Radiology Corner – Lumbar Spine and Lumbosacral Junction

By: Terry R. Yochum, DC, DACBR, Fellow, ACCR and Michael S. Barry, DC, DACBR

Figure 1.

Figure 1.


This adult male patient reports with a history of trauma to the upper lumbar spine and lumbosacral junction after a severe fall. Can you find any fractures? If so, where are they? (See next page.)


Fractures of the left first, second and third transverse processes and a complete horizontal fracture through the second sacral segment with altered bone alignment.

Sacral Fractures

Sacral fractures usually occur as a result of a fall upon the buttocks, direct trauma, or in association with pelvic fractures. Isolated fractures of the sacrum are uncommon, and a diligent search for an associated fracture in the pelvic ring or symphysis pubis is often beneficial. Two types are horizontal and vertical.

Horizontal (Transverse) Fractures. These are the most common types of sacral fractures. The most common location is at the level of the third and fourth sacral tubercle, which are near the lower end of the sacroiliac joint. The fracture line is frequently difficult to identify due to overlying intestinal contents, which may require reexamination or enema. Careful identification of the cortex outlining each sacral foramen (“foraminal lines”) should be scrutinized for disruption or distortion. The lateral radiograph occasionally demonstrates the fracture with disruption of the anterior cortex (as present in our case). Often, the lower segment of the sacrum may be displaced or angled forward.

Figure 2.

Figure 2.

A horizontal fracture of the upper sacrum, affecting the first or second sacral segments, may occur from high falls, such as attempts at suicide (“suicidal jumper’s fracture”).

Vertical Fractures. These usually occur as a result of indirect trauma to the pelvis with more than 50% suffering pelvic organ damage. They are visible in the frontal radiograph but not the lateral view. The cephalic tilt view, tomography, or CT may be necessary in order to demonstrate the vertical fracture line, which usually runs nearly the entire length of the sacrum. The normally symmetrical transverse sacral foraminal lines should be carefully scrutinized for detection of the fracture line.

Transverse Process Fractures

Transverse process fractures are the second most common fracture of the lumbar spine, with compression fracture being the most common. They occur from avulsion of the paraspinal muscles usually secondary to a severe hyperextension and lateral flexion blow to the lumbar spine. The most common segments to suffer transverse process fractures are L2 and L3.

Radiographically, the fracture line appears as a jagged radiolucent separation, usually occurring close to its point of origin from the vertebra. Frequently, the separated fragment is displaced inferiorly. If the fracture line is horizontal, close inspection for a transverse or “Chance fracture” should be performed. Fractures often occur at multiple levels. Fractures of the fifth lumbar transverse processes are frequently found in association with pelvic fractures, particularly fractures of the sacral ala or disruption of the sacroiliac joint. Occasionally, loss of the psoas shadow may occur secondary to hemorrhage. Ossification within this hemorrhage (myositis ossificans) can result in bony bridging between the transverse processes (lumbar ossified bridging syndrome [LOBS]). Renal damage may occur, which may be associated with hematuria.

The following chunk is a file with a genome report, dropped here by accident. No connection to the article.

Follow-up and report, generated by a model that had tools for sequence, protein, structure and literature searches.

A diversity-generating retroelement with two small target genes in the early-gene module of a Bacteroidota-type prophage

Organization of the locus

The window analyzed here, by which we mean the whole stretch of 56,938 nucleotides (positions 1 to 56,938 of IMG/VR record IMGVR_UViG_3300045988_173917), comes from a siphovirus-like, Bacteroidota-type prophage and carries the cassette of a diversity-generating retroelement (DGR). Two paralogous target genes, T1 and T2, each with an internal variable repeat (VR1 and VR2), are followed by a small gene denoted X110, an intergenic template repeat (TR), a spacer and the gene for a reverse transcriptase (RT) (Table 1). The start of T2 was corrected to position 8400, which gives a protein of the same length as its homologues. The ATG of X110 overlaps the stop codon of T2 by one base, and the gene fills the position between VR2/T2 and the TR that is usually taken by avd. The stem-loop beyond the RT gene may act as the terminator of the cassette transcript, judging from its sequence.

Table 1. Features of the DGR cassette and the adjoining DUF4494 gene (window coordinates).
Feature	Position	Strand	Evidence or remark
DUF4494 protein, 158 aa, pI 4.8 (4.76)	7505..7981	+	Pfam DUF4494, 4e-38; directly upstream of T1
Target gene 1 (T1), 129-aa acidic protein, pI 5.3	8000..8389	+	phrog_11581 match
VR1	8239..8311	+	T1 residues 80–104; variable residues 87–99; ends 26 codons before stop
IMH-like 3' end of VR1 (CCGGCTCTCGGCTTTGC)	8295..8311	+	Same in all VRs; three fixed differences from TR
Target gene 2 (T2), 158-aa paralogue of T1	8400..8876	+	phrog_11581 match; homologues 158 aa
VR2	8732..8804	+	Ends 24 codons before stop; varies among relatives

A fracture of the transverse process can be simulated by overlying fat lines or intestinal gas or by developmental nonunion, especially at L1 where the psoas margins crosses the tip of the transverse process. Oblique or tilt views may be necessary to rule out fracture.1–5


  1. Yochum TR, Rowe LJ. Essentials of Skeletal Radiology, 2nd ed. Baltimore, MD: Williams & Wilkins, 1996.
  2. Furey WW. Fractures of the pelvis with special reference to associated fractures of the sacrum. AJR 1942; 47:89.
  3. Jackson H, Kam J, Harris JH et al. The sacral arcuate lines of upper sacral fractures. Radiology 1982; 145:35.
  4. Ebraheim NA, Savolaine ER, Skie MC et al. Longitudinal fracture of the sacrum: Case report. J Trauma 1994; 36:447.
  5. Osti OL, Fraser RV. Osseous bridging of the lumbar intertransverse processes after trauma. Spine 1992; 17:362.

About the Authors

Dr. Terry R. Yochum is a second generation Chiropractor and a cum laude graduate of the National College of Chiropractic, where he subsequently completed his radiology specialty. He is a Diplomate of the American Chiropractic Board of Radiology and served as its vice-president and president for seven years (1983-1990).

Dr. Michael S. Barry is a 1988 cum laude graduate of Palmer College of Chiropractic. He completed a three-year radiology residency at Logan College of Chiropractic following two years of clinical practice in Las Vegas, Nevada. He received his diplomate in radiology from the American Chiropractic Board of Radiology in 1992.